Much of this ongoing work regarding safety is discussed in the school security subcommittee of the Board of Education, which consists of administrators, board members, the police chief and the resource officer. “We met recently, and we looked at the recommendations of our principals and our leadership teams. After looking at all recommendations, we’re going to make a plan and enact what we can,” Young said. While the additional resource officers are the biggest planned security change, Foster mentioned plans for future technology and infrastructure updates to further ensure safety.
Young and Foster highlighted the role of faculty in school safety. “Teachers and our leadership is our defensive line in our schools. We have young children who rely on their teachers to keep them safe in a bad situation. We encourage teachers to be mindful and to listen. If they see or hear something that needs to be investigated, we highly encourage them to do so. Teachers are the ones who are dealing with our students each and every day, so we want them to be part of our efforts to keep our students safe,” Young said.
“I think that’s our role as all of the adults that surround them, to let them know that we are all vigilant and watching and caring for them,” Foster said. She added that staff should take note of student that have special needs and ensure that they are fulfilled.
While both clearly supported the importance of faculty in protecting students, Young noted that the Board of Education has not yet taken a formal position on President Trump’s notion of having armed teachers in schools, and that the board will wait for state and federal lawmakers to make that decision. “Our concern right now is that we have a police presence in our school, and that we engage and deploy the best technologies to help keep our children safe. We are committed to doing what we can,” Young said.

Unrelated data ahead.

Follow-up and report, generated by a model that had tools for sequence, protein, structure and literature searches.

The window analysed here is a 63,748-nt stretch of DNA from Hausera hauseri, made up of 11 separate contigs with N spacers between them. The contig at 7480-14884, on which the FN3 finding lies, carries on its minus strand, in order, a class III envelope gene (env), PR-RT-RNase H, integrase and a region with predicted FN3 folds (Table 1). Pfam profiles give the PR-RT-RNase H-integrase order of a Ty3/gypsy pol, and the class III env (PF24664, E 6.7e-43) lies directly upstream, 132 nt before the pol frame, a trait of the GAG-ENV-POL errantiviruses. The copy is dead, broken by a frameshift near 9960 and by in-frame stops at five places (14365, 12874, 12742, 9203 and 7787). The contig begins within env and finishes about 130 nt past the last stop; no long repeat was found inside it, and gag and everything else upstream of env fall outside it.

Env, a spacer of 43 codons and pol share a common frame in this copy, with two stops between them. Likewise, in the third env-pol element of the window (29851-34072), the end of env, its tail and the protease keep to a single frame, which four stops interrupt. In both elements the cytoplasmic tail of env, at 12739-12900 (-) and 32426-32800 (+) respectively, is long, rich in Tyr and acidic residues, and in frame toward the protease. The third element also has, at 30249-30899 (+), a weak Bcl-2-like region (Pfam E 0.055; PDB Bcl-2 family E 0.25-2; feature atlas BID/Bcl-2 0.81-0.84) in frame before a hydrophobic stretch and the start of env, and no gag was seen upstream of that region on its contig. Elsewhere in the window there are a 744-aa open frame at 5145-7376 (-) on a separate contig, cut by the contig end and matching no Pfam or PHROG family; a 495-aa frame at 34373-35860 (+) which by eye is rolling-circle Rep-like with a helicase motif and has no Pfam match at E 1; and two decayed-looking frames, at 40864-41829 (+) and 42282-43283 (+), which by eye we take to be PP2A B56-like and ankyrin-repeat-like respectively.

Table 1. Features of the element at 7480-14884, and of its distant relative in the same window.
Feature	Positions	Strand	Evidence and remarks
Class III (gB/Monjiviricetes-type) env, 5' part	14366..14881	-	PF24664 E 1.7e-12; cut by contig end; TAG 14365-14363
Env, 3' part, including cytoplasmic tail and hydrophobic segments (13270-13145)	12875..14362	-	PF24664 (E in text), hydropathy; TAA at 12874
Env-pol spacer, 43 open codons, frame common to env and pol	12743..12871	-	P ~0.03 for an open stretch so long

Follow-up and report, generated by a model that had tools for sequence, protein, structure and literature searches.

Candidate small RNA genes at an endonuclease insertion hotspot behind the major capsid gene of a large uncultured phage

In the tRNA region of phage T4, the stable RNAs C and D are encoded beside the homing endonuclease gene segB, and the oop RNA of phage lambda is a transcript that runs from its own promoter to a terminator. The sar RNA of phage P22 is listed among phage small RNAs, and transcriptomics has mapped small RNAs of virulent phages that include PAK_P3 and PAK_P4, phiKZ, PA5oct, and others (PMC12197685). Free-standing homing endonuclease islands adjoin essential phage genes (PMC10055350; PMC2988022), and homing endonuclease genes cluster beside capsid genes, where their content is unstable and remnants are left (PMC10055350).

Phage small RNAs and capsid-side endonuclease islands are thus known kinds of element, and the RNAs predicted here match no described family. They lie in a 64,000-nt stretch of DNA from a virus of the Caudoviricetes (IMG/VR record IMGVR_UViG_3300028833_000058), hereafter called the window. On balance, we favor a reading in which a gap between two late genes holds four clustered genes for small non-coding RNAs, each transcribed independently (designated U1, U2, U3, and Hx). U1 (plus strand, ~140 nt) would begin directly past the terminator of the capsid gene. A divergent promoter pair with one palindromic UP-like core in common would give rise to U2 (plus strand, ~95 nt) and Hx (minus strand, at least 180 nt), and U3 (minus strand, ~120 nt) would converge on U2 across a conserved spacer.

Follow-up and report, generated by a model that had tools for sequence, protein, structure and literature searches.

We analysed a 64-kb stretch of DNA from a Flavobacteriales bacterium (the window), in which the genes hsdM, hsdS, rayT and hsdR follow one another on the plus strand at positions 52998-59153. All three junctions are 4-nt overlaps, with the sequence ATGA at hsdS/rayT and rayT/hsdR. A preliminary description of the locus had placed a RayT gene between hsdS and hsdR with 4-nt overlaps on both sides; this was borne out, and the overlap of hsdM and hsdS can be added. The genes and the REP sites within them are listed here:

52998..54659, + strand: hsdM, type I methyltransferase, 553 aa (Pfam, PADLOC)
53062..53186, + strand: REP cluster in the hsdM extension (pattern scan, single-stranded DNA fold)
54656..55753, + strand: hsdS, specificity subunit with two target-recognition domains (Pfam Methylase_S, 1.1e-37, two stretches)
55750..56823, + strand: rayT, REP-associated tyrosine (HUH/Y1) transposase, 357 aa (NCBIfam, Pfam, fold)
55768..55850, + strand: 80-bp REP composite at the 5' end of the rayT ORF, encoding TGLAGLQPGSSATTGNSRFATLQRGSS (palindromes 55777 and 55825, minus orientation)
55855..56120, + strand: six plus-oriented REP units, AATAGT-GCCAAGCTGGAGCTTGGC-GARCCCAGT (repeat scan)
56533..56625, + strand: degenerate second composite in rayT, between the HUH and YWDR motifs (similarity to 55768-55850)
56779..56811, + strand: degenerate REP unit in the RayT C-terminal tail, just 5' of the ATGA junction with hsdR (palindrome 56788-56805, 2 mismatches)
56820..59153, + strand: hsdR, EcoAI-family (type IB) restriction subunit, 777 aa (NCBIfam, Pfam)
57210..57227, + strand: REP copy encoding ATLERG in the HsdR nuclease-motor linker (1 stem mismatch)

Since the Parkland shooting, there has been increasing parent concern regarding safety and security for their children. As Young noted, the February Board of Education meeting was perhaps the highest attended in the past five years. “I think there’s concern everywhere around the nation, and frankly as a parent and a board member, those concerns are valid. Schools should be safe havens and sanctuaries, we should not have to worry about a shooter or anything worse,” he said.
In response to this concern, Young has encouraged parents, and all community members, to follow the ‘See Something, Say Something’ national campaign. “Parents and students are often the first line of defense, and social media has been an indicator for what’s to come. So we’re asking students and parents, if they see something on social media, to let us know. No threat is taken lightly. Very soon, we will also have a way for people to report anonymously,” Young said.
“Most importantly, we implore people to take action, to listen to their children’s conversations, to talk to other parents and students about what’s going on, and if they see any suspicious behavior, then let us know. We have zero tolerance for not doing the right thing in this area,” he continued.